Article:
www.fesnepal.org
Committed to Social Democracy...
HOME
ABOUT FES
Introduction
FES in Nepal
FES Worldwide
ACTIVITIES
Democratization
Media Development
Trade Union Development
Regional Cooperation
Conflict Resolution
Good Governance
Gender
NEWS/EVENTS
Past Activities
FES in the Press
REPORTS
Annual Reports
Seminar/Workshop Reports
PUBLICATIONS
List of FES Publications
Book Reviews
FES Publications in University Curricula



Book on Regional Dialogue

The book deals more on fringe matters ignoring the strategic complexities of South Asia

Future of South Asia: A New Generational Perspective


Published Year: 2004
Published by: Institute of Foreign Affairs (IFA) & Friedrich-Ebert-Stiftung (FES)

Price: Undisclosed, Pages: 136

 

By A CORRESPONDENT

Describing the situation of South Asia region is not an easy task as it is very much complex in terms of geography and strategic interests. The complexity in the economic, political and diplomatic relations of South Asian countries is not because there are smaller and bigger countries but because it is located in an important geographical position.

Along with India, South Asia also shares the border with the People’s Republic of China. As long as the complexities of relations between these two countries are not discussed, one can hardly predict the future of South Asia.

Past experiences have shown that harmonization of relations between India and China is necessary to ease the tension in the region paving the way for broader and fruitful regional cooperation.

This is what has been rightly pointed out by eminent journalist and expert on international relations M.R. Josse, in one of the article in the book. “In fact, even India, at the very core of “South Asia,” factors China into her national security calculus, not least because of unresolved territorial claims over Kashmir and Arunanchal Pradesh, both considered to be well within the confines of South Asia,” writes Josse, who has written a number of articles regarding the strategic importance of South Asian region. “Thus, while Brahmaputra (Yalutsangpo, in China) originates in Tibet and flows directly into India, several tributaries of the Ganges flow from Tibet into Nepal before merging with it. The Sutlej, too, originates in Tibet, flows into India before joining the Indus in Pakistan.”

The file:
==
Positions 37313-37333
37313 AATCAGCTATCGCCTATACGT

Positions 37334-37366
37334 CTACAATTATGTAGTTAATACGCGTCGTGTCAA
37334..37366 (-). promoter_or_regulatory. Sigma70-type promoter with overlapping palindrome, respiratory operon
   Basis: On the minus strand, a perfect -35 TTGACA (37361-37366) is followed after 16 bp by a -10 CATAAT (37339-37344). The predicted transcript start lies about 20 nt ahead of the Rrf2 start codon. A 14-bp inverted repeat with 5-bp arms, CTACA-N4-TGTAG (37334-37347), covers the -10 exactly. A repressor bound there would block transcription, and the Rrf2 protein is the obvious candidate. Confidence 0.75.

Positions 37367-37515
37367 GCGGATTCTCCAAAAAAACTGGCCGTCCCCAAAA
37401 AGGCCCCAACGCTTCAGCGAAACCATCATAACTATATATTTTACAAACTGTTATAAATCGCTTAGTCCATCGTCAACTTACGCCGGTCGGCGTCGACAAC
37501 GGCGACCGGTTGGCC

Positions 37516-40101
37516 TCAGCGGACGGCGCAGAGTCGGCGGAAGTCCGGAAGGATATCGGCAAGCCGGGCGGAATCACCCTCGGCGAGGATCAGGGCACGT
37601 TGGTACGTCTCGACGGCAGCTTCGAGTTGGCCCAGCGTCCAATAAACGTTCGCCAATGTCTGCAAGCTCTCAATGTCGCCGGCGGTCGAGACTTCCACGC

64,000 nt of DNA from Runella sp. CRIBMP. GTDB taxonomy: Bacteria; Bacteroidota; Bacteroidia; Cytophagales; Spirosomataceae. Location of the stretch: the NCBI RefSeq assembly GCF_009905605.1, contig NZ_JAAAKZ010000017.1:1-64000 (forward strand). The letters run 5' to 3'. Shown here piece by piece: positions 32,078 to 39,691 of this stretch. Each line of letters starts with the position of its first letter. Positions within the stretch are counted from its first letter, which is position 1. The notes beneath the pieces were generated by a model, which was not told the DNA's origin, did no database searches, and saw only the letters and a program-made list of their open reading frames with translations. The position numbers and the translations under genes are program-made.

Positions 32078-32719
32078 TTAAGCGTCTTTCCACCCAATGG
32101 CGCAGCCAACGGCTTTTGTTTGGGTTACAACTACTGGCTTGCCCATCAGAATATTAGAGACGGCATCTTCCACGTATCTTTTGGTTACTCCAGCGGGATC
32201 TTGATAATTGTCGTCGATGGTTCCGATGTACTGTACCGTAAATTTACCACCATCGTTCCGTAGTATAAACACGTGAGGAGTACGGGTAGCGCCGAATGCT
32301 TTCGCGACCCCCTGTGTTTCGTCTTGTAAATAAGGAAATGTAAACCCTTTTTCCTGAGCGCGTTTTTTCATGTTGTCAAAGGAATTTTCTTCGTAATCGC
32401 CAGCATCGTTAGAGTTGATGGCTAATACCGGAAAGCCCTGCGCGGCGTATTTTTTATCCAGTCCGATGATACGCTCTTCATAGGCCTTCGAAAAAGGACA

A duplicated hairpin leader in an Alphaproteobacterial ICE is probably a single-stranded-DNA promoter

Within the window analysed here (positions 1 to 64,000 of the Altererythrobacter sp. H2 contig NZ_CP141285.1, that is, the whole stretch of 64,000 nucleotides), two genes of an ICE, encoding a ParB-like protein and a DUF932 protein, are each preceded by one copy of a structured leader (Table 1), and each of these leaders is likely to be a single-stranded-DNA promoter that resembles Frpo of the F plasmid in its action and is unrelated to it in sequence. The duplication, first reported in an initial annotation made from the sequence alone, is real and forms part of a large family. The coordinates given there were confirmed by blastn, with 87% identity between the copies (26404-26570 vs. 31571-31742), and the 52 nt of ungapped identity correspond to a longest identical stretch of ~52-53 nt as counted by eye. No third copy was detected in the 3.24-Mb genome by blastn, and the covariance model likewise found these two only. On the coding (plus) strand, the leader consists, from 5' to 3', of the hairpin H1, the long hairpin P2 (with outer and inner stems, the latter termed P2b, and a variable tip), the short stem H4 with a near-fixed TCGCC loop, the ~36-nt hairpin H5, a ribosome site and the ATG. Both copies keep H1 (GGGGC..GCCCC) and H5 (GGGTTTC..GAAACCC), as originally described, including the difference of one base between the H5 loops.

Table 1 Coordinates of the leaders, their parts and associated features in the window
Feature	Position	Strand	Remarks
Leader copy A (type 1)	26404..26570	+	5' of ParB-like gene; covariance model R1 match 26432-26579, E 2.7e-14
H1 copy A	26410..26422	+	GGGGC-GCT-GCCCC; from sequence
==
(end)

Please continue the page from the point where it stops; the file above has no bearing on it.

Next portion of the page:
If one ignores Josse’s point of view, one will be unable to grasp the overall problems and tensions in South Asian region. Nischal Nath Pandey’s contribution is also a stimulating one. “Aside from ably sketching a multi-dimensional overview of the security situation in this part of the world, including its oft-neglected non-military components, he has graphically underscored the urgency of South Asians getting their collective security act together,” writes Josse, commenting on a paper presented by Nishchal Nath Pandey on Security in South Asia: A Future Perspective.

Pandey in his article discusses several issues related to complexities of relations of South Asian nations and discusses on the future course of actions. “ In the intersection of antiquity and modernity, forbearance and fundamentalism, antagonism and cooperation or even dreadfully through its younger generation of a better, prosperous and a more secure future,” writes Pandey.

Along with Pandey, industrialist Rajendra Kumar Khetan, Ratnakar Adhikari, Paras Ghimire also presented three different papers highlighting the economic prosperity and opportunity in the South Asian region.

Including contributions from many other experts on South Asia as well as Nepalese foreign relations experts, the book covers entire proceedings of the seminar on the South Asian region. The seminar was held in Kathmandu in November, 2003.

“South Asia is a vast economic powerhouse in terms of its market, potentials (one third of humanity resides in this area) and in terms of the richly endowed natural resources (e.g. the water of Nepal, natural gas of Bangladesh, coal of India) and qualified human resources (e.g. IT professionals and entrepreneurs of India),” writes Khetan.

In another article Ratnakar Adhikari discusses about using the WTO membership as a tool for governance reform in South Asia with special reference to Nepal. “All South Asian countries face serious problems of governance, though the degree of problems may differ from country to country,” writes Adhikari. “High level of corruption, frequent changes in policies, high degree of cronyism, utter disrespect to the principle of transparency and rules are some of the characteristic features of most South Asian economies,” writes Adhikari

Although there lacks certain discussion on the major perspective of South Asian security and its role in forming the state to state relations, the book helps to understand the new and emerging perspective of South Asia.

Source: SPOTLIGHT (26 March-01 April 2004)

 
Copyright©2001. Friedrich Ebert Stiftung, Nepal Office
The information on this site is subject to a
disclaimer and copyright notice.